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Liability of Engineers: How to Stay Out of Trouble

1.4 CEUs | Monday–Tuesday, March 21–22

Special Offer:  A professional liability Risk Management Credit of 10% is earned when you attend the ASCE continuing education seminar, Liability of Engineers: How to Stay out of Trouble and purchase professional liability insurance from the ASCE Sponsored Program. The seminar must have been completed within the past 15 months. You must submit a Certificate of Attendance at the time of your application for coverage. At least one principal of the firm must submit a certificate for the firm to receive a credit. The maximum Risk Management Credit is 10% of your total premium.


Peter Liloia III, Esq., A.M.ASCE

Great presenter! He is very knowledgeable and covered the topic perfectly. — Jeffry Lovell, Lovell Engineering Associates, Valdosta, GA

Purpose and background

There has been an expansion over the years of the liability of engineers for design, job site inspection, safety, and contract administration. This course will cover the responsibilities and liabilities of engineers, both contractually and from case law. It will provide an understanding of the interrelationships between engineers, owners, and contractors on a project and the contract and legal principles which apply thereto. You will learn how to properly document the job and why it is essential. You will learn how to head off problems by using the right contract language including clean and fair terms. Advice will be given on actions to take during the design phase and the construction phase, which will minimize problems, and how to effectively resolve disputes that inevitably surface. The seminar will be presented in an informal, interactive style, using real-life examples. Participants will be given practical, hands-on advice and guidance on how to best conduct themselves and thus, avoid trouble.

Seminar benefits and learning outcomes

Upon completion of this course, you will be able to:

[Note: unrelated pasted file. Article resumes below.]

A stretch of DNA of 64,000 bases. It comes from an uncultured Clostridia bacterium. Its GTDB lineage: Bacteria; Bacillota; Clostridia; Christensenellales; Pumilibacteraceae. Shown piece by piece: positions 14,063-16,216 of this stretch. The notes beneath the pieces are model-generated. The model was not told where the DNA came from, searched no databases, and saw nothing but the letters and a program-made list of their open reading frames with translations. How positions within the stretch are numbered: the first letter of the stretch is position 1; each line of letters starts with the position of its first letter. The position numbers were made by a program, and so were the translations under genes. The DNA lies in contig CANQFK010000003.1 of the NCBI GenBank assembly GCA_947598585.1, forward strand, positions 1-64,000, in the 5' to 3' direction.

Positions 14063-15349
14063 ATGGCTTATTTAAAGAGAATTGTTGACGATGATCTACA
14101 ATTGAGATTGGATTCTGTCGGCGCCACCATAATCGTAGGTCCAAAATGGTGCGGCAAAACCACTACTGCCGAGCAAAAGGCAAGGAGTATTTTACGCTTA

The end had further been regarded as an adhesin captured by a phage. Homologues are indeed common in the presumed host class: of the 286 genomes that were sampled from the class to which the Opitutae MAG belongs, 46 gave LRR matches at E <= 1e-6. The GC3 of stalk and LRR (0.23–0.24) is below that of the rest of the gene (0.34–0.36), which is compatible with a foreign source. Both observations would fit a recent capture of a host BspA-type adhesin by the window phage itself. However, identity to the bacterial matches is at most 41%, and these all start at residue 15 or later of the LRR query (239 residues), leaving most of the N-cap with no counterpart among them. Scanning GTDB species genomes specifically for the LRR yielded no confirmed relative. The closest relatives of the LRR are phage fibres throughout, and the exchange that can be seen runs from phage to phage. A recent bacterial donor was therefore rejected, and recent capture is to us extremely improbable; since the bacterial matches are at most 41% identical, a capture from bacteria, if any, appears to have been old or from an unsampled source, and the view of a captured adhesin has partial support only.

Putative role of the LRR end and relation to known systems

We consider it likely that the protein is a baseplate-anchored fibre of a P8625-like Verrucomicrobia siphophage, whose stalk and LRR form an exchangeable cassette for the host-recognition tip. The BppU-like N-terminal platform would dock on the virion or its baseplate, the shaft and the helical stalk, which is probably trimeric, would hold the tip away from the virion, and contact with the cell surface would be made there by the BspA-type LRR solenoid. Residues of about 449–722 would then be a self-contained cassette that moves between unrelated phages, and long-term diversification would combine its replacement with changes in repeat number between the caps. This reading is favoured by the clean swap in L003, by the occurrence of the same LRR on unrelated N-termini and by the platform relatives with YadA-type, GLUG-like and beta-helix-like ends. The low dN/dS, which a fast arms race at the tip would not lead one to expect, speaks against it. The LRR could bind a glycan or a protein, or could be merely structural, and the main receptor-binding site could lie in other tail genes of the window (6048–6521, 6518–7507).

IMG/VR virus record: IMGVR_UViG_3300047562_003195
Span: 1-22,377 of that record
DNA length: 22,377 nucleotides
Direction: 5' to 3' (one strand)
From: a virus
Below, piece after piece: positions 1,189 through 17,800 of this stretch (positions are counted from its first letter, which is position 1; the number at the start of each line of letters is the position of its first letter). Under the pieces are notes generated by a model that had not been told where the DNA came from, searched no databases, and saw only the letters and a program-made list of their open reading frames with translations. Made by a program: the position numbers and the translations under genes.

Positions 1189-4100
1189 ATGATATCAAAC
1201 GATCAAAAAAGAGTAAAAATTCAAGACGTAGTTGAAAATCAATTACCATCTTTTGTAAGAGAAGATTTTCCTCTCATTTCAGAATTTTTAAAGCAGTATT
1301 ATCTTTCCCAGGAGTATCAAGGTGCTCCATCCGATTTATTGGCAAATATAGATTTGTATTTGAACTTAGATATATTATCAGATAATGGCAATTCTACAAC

• Explain the responsibilities and liabilities of engineers, owners, and contractors.
  • Eliminate problems up front by using the right language and procedures in the contract and specification.
  • Properly document the job and explain why this is crucial 
  • Explain negotiation, mediation, and arbitration, and why they are good alternatives to court
  • Discover what preemptive actions should be taken to reduce and eliminate liability issues and avoid problems down the road.

Assessment of learning outcomes

Case studies, real-life examples, and class exercises will be used to assess achievement of learning outcomes.

Who should attend?

  • Consulting engineers
  • Field engineers
  • Project managers
  • Construction managers
  • Contractors and subcontractors
  • Government agencies and public owners
  • Private owners and developers
  • Design-build firms
  • Architects
  • Attorneys

Seminar outline 

Day 1 | Time: 12:00 p.m. – 4:00 p.m. ET

  • Engineer's warranty to contractor re: adequacy of design
  • Liability of engineers
    • Design
    • Inspection and contract administration
    • Means and methods; safety
    • Shop drawing approval
    • Actions engineers can take to minimize exposure
  • Effect of incomplete, ambiguous, or incorrect design documents
    • Impact on project and to contractor
    • Consequences to engineer
    • Ways to reduce claims and mitigate impact
  • Typical construction contract terms: meaning and ramifications
  • How fair contracts work for you/how harsh contracts can hurt you - part I
    • Site investigation/subsurface conditions
    • No damage for delay
    • Indemnification 

Day 2 | Time: 12:00 p.m. – 4:00 p.m. ET

  • How fair contracts work for you/how harsh contracts can hurt you - part II
    • Notice of claim
    • Design professional attempts to absolve himself from liability for his own mistakes
  • Differing site conditions/superior knowledge doctrine
    • Definition
    • Purpose of differing site conditions clause
    • Common occurrences
    • Effect of site investigation clauses and disclaimers
    • Superior knowledge doctrine
    • Formal contract requirements
    • Change order for equitable adjustment
    • What if owner denies contractor's claim for differing site conditions?
    • Geotechnical design reports
    • Ways to minimize differing site conditions claims
  • How to document the job and why it's critical
    • Why is documentation so important?
    • What are the characteristics of good documentation?
    • How should the job be documented?
    • Risk of not having good documentation
  • Dispute resolution options and their benefits over litigation
    • Negotiated settlement
    • Mediation
    • Arbitration
    • Dispute review board

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